2021 has been a remarkable year for the fintech market, with a record number of deals in every major region – including the Americas, EMEA, and the Asia-Pacific. Fintech investment was incredibly strong, with both VC and PE investment soaring to record highs. The breadth of fintech solutions attracting investment continued to expand and grow, with surging interest in cryptocurrencies and blockchain, wealthtech, and cybersecurity.
Entering 2022, the optimism for fintech investment globally is very strong, with different subsectors well-positioned to keep evolving and new ones expected to emerge and flourish.
Whether you’re the CEO of a large financial institution or the founder of an emerging fintech, the opportunities are near-boundless if you’re willing to re-imagine what’s possible and refuse to let legacy structures and thinking get in the way. As you read this edition of Pulse of Fintech, ask yourself: What do we need to do today to become a more robust organisation able to create unique value for our customers, clients, and investors?
|Investment in Australian innovation in financial services is back on the rise as the sector attracts over $1.5 billion in fintech investment.|
Australia saw a continued rebound over the course of the year, with H2’21 recording over $1.5 billion in fintech investment and total investment for the 2021 year reaching in excess of $2.5 billion, nearly equaling the pre-COVID highs seen in 2019 ($2.6 billion).
- Investment took place across a wide range of sub-sectors, with notable investment continuing in the payments space through Airwallex and Till Payments who raised a total of $300 million and AU$125 million respectively over the period.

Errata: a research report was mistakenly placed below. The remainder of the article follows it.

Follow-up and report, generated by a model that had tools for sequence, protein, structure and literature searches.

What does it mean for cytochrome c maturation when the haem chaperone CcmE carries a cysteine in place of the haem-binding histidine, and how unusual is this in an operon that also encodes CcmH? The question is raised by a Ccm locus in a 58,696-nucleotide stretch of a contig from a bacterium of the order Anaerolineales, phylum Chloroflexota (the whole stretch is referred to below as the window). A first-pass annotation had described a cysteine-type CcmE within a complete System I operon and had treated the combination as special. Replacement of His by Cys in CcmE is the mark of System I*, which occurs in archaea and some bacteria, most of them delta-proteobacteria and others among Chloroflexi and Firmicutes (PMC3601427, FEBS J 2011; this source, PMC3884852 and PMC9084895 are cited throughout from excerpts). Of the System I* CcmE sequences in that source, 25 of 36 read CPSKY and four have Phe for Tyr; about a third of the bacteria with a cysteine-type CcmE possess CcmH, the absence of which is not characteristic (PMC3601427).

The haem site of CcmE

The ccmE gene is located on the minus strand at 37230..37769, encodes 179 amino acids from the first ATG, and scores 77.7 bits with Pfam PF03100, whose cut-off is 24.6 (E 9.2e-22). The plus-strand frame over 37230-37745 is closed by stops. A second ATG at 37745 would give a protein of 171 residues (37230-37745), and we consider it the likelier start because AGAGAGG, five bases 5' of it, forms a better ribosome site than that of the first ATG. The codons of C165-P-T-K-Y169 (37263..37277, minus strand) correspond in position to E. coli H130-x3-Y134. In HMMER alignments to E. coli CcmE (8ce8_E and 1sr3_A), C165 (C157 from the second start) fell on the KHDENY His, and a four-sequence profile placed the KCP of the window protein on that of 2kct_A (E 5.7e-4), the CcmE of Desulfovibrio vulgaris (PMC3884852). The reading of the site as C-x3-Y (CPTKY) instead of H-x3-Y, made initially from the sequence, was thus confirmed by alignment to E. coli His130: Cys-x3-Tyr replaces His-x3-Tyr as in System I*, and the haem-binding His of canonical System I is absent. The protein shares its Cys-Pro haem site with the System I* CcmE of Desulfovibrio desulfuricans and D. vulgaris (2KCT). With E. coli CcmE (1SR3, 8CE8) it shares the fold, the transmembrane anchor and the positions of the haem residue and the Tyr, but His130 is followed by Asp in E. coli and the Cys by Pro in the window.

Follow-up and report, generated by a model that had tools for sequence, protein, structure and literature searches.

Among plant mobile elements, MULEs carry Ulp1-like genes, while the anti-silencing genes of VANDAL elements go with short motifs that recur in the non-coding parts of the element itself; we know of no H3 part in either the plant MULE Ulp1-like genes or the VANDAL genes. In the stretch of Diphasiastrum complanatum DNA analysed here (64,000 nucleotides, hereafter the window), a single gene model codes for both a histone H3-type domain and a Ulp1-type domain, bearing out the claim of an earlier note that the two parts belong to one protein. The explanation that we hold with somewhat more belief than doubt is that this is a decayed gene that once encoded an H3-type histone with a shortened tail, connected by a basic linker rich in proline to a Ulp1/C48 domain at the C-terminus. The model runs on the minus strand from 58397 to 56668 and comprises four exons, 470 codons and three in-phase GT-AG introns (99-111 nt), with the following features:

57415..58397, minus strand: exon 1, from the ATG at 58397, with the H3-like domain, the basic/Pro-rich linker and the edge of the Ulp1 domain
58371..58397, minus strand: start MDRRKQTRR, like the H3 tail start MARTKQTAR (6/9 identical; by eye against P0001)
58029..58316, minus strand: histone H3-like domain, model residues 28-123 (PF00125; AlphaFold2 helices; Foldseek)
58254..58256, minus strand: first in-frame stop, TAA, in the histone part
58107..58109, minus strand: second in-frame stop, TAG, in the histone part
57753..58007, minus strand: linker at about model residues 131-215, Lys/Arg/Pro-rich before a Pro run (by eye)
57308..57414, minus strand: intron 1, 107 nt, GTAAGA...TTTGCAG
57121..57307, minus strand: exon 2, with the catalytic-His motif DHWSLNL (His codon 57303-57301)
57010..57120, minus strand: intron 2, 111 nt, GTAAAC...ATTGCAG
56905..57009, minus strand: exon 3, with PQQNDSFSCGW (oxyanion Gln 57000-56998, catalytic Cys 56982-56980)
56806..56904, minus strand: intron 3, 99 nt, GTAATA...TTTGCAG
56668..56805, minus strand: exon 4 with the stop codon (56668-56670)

- Neobank activity also continued on the back of the 86 400 / NAB transaction which took place in H1’21, with Judo Bank successful listing on the ASX, whilst Alex Bank finalised a AU$20 million investment on the back of securing its restricted banking license (RADI).
Whilst corporate investment was less prominent than H1’21, strategic M&A remains a priority, with Latitude acquiring digital consumer lender Symple Loans and deals announced for the acquisition of Afterpay by US-headquartered Block (formerly Square) and Society One by MoneyMe (both were announced in the period but are only expected to complete in H1’22).
The fintech sector continues to mature and rebound in Australia – investments are taking place across a range of sub-sectors and from a broad set of investor groups. We are continuing to see investment in start-up and scale-up businesses, as well as significant M&A activity for more mature players in the space. We expect this momentum to continue and predict that 2022 will be a record year for fintech investment in Australia.
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To learn more about the analysis and topics raised in this edition, or to discuss your organisation's unique fintech agenda and roadmap, please contact your local KPMG advisors or the contributors in this publication.
Top fintech trends for 2022
During 2021, interest and investment in fintech grew significantly in many regions of the world –its scope broadening well-beyond its early definition. This expanding scope, combined with the growing maturity of a number of fintech subsectors, increasing investment in less mature jurisdictions, and surging corporate interest, is expected to keep investment high as we enter 2022. Here are some of the top predictions for the fintech market globally:
- Growing number of banks will offer embedded solutions.
- There will be increasing regulatory scrutiny of embedded financial offerings.
- Fintechs will focus on branding themselves as data organisations.
- ESG-focused fintechs will have a big growth trajectory.
- There will be a stronger focus on dealmaking in underdeveloped regions.
- Unicorn status will lose some of lustre in developed markets, remain key in emerging ones.
Interviews and insights on emerging tech trends
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